Check out Naiz Germany: A New History by Klaus Fischer. Very illuminating study. Also, I agree that the Germans were a victim of sorts, whether or not they were menaced by the security apparatus of the party. They were victims in that they paid the price for events that they in effect had no control over. They were victims in the same sense (if not degree) as were the Poles, Russians, French, Slavs, Greeks, Danes, Norwegians, and the British and Americans. Hitler was such an unbelievable monster that everyone suffered under him. Over 3,000,000 German civilians died in the war through bombing and conflict. You can't tell me that they and their families were not victims of Hitler's war whether or not he killed them. The innocents that suffered through the invasions of Afghanistan and Iraq were victims of their monstrous regimes in the same way, whether or not they were too weak to do anything about it. And for what it's worth, even if discontent had become widespread during the war, the masses couldn't have done anything about it precisely because the control the machiner of the state was out of their hands. In other words, it can work both ways: they couldn't do anything because they were scared and they were scared because they couldn't do anything. Just as in most totalitarian settings, it's best to go along to get along. We lionize the dissidents and the bravehearts precisely because they are such a rare breed.
In my opinion the Germans were not victims - and probably got off quite lightly since they were prepared to exterminate their neighbours whereas they themselves were spared extermination (although Winston Churchill proposed reducing central Europe to a rural subsistence economy -- possibly this war aim was dropped when the Americans joined the conflict).

I think you have to look at the hundreds of thousands of unsolicited denunciations by ordinary Germans against anyone who was deemed "odd", and at the enthusiasm with which ordinary people took up the national socialist policies and made them work. The Nazi leadership was inefficient and full of contradictions. Hitler himself was quite lazy. It was the ordinary people that made the system work and kept it going.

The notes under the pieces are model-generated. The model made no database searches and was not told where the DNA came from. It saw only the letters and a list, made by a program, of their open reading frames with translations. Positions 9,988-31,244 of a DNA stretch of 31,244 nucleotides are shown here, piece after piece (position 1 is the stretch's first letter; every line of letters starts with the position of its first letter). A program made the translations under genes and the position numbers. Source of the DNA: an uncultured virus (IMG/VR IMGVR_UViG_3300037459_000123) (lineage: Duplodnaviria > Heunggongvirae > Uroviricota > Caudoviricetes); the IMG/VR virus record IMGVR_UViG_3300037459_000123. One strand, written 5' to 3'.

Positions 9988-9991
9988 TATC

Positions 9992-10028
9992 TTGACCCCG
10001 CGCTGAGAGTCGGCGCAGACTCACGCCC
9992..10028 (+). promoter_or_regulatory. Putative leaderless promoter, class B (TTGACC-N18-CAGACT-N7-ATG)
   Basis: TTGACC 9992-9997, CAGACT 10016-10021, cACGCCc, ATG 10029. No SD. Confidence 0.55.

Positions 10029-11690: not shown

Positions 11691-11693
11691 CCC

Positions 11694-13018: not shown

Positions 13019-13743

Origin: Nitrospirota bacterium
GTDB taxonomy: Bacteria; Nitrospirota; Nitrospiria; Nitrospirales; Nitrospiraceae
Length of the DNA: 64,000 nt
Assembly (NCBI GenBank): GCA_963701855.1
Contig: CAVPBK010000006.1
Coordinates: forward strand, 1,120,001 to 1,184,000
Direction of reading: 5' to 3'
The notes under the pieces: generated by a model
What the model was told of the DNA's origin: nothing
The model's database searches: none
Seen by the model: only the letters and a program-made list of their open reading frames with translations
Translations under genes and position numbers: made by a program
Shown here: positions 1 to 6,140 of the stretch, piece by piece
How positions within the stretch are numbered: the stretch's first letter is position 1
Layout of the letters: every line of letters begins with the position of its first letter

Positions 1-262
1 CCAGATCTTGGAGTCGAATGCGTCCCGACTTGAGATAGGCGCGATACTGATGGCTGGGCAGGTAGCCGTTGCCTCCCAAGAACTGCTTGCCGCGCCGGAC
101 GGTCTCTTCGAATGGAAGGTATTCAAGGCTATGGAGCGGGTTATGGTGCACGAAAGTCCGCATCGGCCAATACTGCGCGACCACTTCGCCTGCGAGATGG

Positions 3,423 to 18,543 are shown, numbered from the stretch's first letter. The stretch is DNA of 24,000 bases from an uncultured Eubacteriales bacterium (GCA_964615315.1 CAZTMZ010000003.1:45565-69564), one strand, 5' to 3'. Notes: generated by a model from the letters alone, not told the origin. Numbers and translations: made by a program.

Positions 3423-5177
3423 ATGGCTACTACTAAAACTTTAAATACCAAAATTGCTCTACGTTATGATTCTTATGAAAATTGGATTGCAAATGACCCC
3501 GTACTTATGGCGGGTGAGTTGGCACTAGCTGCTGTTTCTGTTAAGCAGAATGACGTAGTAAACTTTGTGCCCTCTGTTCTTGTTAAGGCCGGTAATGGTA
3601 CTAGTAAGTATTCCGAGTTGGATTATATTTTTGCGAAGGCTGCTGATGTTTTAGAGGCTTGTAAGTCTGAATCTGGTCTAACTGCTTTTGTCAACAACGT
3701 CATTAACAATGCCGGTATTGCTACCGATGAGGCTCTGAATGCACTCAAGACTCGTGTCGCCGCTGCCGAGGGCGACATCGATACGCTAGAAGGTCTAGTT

I think you also have to consider that the general population knew very well that they had committed terrible crimes and that if they lost the war they would be punished for what they did. They accepted a collective guilt, and it was this which kept them going right to the bitter end.

Both my parents and all my grandparents lived in London during the Blitz. The bombing terrified them, but it also made them angry to the point where they wanted Germany utterly destroyed. They never spoke of "Nazis" (which seems to be a modern obsession) - it was the GERMANS who had done these things!

Thanks for alerting me to Fischer, I'll probably read that in tandem with Evans after my next Border's vist.

For now however, I still think Nazi tyranny, as experienced by "apolitical ", " Aryan" Germans was of a far different character than the totalitarianism experienced by Cambodians under the Khmer Rouge. While much is made of the irrationality of the Nazi state, it's uses of terror were far more clearly demarcated - selected targeted groups - than the more arbitrary victimization of Stalin's Great Terror and even moreso of Pol Pot's.

The German populace - as Andrew from London noted - evinced real enthusiasm for Hitler ( less so for the Nazi Party)that was absent in the USSR for Stalin, whose personality cult was grandiosely artificial when it wasn't in the symbolic, distant, Good Tsar-Evil Counselors vein.

There were fairly evident " rules " for survival in Nazi Germany and the regime was far more attuned to pleasing public opinion than in the Communist tyrannies. Which is not to say that the German people ultimately controlled the Nazi regime - you are correct they did not - but the Nazis were generally inhibited in taking the same harsh measures with Germans that they imposed in the occupied territitories.